SYDNEY: While state sectors remain significant in the economies of many countries, China’s state-owned enterprises (SOEs) continue to generate the most controversy.
Key commentators have noted that Chinese state capitalism has continued to strengthen since the launch of a new stage of SOE reforms in the Third Plenum of the 18th Party Congress in November 2013.
This has provoked discussions on the need for revamping the rules of the WTO, which is now a central issue in the ongoing US-China trade war and subsequent negotiations.
CHINA'S SOE REFORMS
As an integral element of China’s economic reforms launched in 1979, SOE reform has come a long way.
While many SOEs were on the brink of bankruptcy at the beginning of the reform period, in the years since they have become bigger, stronger and more profitable.
Many SOEs are now leading players in key sectors and rank highly not only domestically, but also in the international league tables.
Before the current round of reform began in 2013, a number of achievements were made in previous periods of reform.
First, operational autonomy was granted to SOEs from 1979 to 1986, followed by delegation of authority to managers from 1987 to 1992.
The privatisation, corporatisation and modernisation of SOEs occurred from 1993 to 2002.
The establishment of the State-owned Assets Supervision and Administration Commission (SASAC) in 2003 preserved and expanded state assets and spurred the selection of national champions out of the large pool of SOEs, especially in strategic sectors.
By early 2013, both the number and market share of SOEs had shrunk while the private sector had grown at a phenomenal pace. However, national champions became more significant and influential in the economy.
The current round of reforms since 2013 appears to be designed with competing objectives in mind:
On the one hand, Chinese leaders made commitments to deepen SOE reform through a host of measures, including better classification, the further improvement of corporate management and governance, the diversification of ownership, restructuring and reorganisation.
These measures aimed at further integrating SOEs into a competitive market, with only a limited number of them serving government or public functions.
On the other hand, reforms aimed at restructuring and reorganisation boosted the power of many SOEs, which now number some of the world’s largest companies.
The mixed ownership reform has been implemented in a way that promotes state capital investment in those private entities in strategic industries, through the backing of giant SOEs emerging from the restructuring and reorganisation.
Moreover, those reforms in corporate governance significantly strengthened the role of the Party in SOEs. Party committees with major decision-making power concentrated in the boards were established as a result.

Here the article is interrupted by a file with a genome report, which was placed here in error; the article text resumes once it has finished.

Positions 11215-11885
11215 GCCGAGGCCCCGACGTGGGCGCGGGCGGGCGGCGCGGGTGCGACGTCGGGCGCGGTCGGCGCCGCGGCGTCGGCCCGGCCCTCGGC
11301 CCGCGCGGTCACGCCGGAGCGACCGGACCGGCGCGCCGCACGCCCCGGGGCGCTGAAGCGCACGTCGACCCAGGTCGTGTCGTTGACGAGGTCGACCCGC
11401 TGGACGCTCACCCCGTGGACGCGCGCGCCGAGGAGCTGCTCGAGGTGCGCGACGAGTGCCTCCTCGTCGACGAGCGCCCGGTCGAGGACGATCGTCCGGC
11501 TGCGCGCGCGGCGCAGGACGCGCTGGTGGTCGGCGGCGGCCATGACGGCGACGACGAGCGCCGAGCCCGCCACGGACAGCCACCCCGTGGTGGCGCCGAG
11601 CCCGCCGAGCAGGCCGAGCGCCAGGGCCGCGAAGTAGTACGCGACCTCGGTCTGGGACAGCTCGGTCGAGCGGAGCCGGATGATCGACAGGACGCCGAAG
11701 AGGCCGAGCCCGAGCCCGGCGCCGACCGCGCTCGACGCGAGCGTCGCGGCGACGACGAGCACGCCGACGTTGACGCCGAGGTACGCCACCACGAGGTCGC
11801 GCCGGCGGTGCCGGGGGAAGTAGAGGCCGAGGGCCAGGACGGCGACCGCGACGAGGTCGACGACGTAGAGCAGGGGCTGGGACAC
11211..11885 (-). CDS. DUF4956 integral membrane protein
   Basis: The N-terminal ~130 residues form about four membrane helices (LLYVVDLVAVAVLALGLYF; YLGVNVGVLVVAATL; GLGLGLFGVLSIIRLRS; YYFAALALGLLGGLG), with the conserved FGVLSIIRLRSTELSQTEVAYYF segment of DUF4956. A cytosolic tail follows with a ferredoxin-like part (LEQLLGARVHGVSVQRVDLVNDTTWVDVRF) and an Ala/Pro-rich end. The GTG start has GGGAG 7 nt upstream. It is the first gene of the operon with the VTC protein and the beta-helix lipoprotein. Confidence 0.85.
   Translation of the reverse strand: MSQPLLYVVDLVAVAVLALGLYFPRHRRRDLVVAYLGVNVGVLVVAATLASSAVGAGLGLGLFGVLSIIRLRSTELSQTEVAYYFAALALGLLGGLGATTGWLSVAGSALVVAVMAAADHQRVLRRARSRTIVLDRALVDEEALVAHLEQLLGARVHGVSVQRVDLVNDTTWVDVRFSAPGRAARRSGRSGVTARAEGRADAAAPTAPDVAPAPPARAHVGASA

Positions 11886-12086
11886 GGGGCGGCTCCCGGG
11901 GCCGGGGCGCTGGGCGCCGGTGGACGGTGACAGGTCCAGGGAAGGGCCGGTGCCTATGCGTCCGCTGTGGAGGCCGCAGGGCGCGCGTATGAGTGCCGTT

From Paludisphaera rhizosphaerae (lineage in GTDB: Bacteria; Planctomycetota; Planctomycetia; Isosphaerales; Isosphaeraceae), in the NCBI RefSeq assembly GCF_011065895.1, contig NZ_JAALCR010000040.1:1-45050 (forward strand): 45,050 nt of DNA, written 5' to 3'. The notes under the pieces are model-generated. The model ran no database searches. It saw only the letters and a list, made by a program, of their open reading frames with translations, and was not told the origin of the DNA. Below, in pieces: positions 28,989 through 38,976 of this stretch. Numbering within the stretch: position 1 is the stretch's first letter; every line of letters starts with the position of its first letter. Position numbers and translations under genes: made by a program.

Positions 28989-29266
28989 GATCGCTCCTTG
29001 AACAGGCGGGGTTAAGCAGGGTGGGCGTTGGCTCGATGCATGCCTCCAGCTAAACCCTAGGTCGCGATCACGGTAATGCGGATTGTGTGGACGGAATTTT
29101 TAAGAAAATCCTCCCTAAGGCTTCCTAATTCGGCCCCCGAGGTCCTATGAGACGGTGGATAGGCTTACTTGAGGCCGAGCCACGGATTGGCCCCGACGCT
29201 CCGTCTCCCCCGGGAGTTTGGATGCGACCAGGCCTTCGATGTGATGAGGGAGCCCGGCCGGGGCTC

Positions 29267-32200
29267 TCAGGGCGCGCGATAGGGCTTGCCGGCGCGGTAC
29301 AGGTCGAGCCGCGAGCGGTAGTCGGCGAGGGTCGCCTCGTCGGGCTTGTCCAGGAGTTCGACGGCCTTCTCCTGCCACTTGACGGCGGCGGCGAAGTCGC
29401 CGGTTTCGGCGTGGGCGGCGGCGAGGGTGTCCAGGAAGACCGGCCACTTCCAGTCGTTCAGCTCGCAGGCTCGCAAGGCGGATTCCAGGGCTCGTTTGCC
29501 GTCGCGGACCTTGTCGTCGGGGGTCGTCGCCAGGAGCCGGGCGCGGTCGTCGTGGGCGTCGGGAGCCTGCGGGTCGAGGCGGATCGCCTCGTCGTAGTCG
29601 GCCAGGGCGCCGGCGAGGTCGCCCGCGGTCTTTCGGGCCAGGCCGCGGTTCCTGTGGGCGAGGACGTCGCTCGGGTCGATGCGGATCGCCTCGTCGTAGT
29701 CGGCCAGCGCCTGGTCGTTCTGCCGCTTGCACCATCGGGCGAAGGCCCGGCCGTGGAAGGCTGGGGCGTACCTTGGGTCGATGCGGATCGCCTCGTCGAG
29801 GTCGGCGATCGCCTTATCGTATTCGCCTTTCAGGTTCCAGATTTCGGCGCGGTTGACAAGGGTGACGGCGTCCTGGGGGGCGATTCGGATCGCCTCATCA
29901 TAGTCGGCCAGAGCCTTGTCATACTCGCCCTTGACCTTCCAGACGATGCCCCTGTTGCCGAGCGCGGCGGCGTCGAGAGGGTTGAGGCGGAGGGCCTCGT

Taken together, these reforms are heading in a direction that strengthens rather than weakens state capitalism.
This tighter control of SOEs by the Communist Party is not necessarily problematic, though it may result in anti-competitive effects. After all, SOEs may not behave like private firms but pursue political or public policy goals directed by the Party.
These problems are further exacerbated by China’s unique economic model, which treats SOEs as the primary economic agents of the state and the main instruments for implementing industrial and other national policies.
Frequently, large SOEs that are already market leaders are merged by the state to create behemoths, creating acute anti-trust concerns.
When it comes to implementing China’s Anti-Monopoly Law, more favourable standards are applied to SOEs compared to private firms, which often receive unconditional clearance by the merger review agency.
For example, when assessing the concentration of SOEs, national interests and national industrial policies are also considered, allowing for more leniency in merger reviews.
Other firms in the same sectors then become collateral damage in such ambitious campaigns and the consequences are well documented.
These also raise difficult problems for authorities in other countries, who oversee competition matters and have to grapple with issues such as whether Chinese SOEs should be treated as a single entity controlled by the Chinese Communist Party.
In addition to competitive concerns, SOEs also pose mounting challenges to the international trading system, as they may undermine the conditions of competition that the WTO is designed to maintain.
CONTINUE REFORM DISCUSSIONS
It remains debatable as to whether the existing WTO rules are adequate to tackle China’s state capitalism.
It would be worthwhile for China to engage in ongoing discussions of WTO reform and to consider joining existing trade deals, such as the Comprehensive and Progressive Agreement for Trans-Pacific Partnership (CPTPP), which contain detailed rules on SOEs.
Indeed, when China sought membership in the WTO two decades ago, the Chinese leadership wisely used WTO accession to garner support and impetus for domestic economic reform.
China’s economic reform has reached such a crossroads again and external stimulus like clearer international rules on SOEs might be exactly what it needs to abate the resurrection of state capitalism.
Weihuan Zhou is senior lecturer and member of the Herbert Smith Freehills China International Business and Economic Law Centre, at the Faculty of Law in the University of New South Wales.
Henry Gao is associate professor at the School of Law, Singapore Management University, and Xue Bai is a PhD researcher at the Faculty of Law in the University of New South Wales.
This commentary first appeared on East Asia Forum.